Updated: Feb 16
Family of Filmmakers with 2e Children Produce Documentary, “O’Kelley Legends: 2e Behind the Scenes”
Tell me a little about your background? Where are you originally from and how did that journey lead you to where you are located today?
I’m originally from Miami Florida. My college journey took me through majoring in education and psychology, before finally landing in Communications, Television, and Film at Cal State Northridge.
My husband’s journey was similar, but his passion for filmmaking led him to graduate school at the University of Texas at Austin. While he wrote and directed a pair of award-winning student films in grad school, I focused more on the business end of the entertainment business, thinking I might end up as an entertainment attorney.
What did you and your husband do before you became a family of filmmakers?
Both my husband and I have always worked in TV and films— I worked as an actress first, then as a script supervisor, eventually writing and directing my own projects. My husband, Brian, worked his way from PA to 1st AD.
What inspired you and your family to be actors/ filmmakers?
While we are all inspired by watching movies, we are all a little different in our motivations and passions. I’m inspired to create movies that make you think, where my husband has more of an appreciation for the art and craft of films. My son, Jordan, is more into film criticism and the study of film. My daughter Macey is a writer and storyteller; her twin sister Rachel likes bringing all of the elements of making a film together as a producer.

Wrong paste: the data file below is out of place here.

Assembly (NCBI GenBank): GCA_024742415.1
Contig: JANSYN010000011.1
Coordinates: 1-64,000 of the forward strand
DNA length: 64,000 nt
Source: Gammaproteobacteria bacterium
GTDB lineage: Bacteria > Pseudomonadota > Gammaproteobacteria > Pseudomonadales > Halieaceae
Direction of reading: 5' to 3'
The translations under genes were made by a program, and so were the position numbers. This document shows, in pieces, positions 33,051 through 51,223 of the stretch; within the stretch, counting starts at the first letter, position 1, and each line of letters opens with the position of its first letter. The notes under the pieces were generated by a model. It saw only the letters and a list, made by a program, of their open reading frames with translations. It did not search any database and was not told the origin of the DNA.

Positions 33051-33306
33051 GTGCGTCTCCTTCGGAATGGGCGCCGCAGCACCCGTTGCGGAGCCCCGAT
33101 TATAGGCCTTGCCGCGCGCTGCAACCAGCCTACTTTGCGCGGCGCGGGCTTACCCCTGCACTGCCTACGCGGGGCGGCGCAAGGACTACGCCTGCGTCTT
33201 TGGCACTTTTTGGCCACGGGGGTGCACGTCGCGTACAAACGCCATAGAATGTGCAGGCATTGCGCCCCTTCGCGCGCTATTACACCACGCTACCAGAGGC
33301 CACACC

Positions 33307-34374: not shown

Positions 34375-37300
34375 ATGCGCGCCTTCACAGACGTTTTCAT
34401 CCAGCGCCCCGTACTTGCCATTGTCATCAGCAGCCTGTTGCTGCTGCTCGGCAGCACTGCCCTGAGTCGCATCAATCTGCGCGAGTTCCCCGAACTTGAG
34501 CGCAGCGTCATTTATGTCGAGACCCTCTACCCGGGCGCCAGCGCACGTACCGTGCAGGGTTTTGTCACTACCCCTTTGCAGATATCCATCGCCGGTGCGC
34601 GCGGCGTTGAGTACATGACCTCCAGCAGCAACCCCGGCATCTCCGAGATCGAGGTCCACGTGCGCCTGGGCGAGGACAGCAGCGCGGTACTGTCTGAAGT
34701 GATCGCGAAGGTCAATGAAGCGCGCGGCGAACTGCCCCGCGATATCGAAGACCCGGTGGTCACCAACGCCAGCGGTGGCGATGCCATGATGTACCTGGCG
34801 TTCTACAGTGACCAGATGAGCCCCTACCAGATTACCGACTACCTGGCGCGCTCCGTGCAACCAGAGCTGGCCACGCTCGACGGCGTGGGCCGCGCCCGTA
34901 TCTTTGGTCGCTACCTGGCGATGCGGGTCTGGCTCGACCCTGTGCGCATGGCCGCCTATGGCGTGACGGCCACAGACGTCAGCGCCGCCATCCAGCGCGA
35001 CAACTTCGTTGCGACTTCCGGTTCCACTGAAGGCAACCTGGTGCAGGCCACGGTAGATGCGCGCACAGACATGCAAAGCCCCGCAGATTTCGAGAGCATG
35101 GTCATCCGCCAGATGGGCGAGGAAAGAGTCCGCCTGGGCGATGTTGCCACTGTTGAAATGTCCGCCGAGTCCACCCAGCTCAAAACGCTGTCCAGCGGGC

As it works out, I’m the only actor in the group.
What are some of the things your family loves about filmmaking? We all love the collaboration and community that comes with creating a film, and the opportunity for individual growth that comes with accomplishing something bigger than yourself.
What are some of the struggles and hurdles that your family has encountered as filmmakers?
One of the biggest struggles has been to find internships for minors on professional film sets. We wanted to create our own productions to provide opportunities for them and their friends to learn and to bring in mentors to support them in acting, casting, writing, script editing, producing, lighting, audio, and set decoration.
You have a unique family of filmmakers. Can you tell me about what makes your family so unique?
What makes our family so unique is that we are all “2e” or “twice-exceptional.” We all have our strengths, but we also all have disabilities that we have to constantly overcome and work through.
Are you involved in anything that will help bring awareness to your unique family unit?
Our documentary, “O’Kelley Legends: 2e Behind the Scenes” looks at creating a twice exceptional-friendly theater production experience for 2e students. Besides bringing awareness to what being twice exceptional is, we wanted to explore how we could take the anxiety out of auditioning and performing for this population by supporting these students in the process of putting on a show.
Tell me about each family member and what role do they play in creating your films?
What other things is the family involved in? How does your family overcome challenges together as a family unit?
Our involvement is a little different for each project, as our kids are still learning different aspects of filmmaking. For the documentary, Rachel did outreach, social media, and was our line producer, while Macey was our utility PA during filming and then more of a creative producer during post. Both were ages 12-14 at the time. Jordan was the subject of the documentary, and he and I wrote and directed the monologue show we were documenting, at age 13.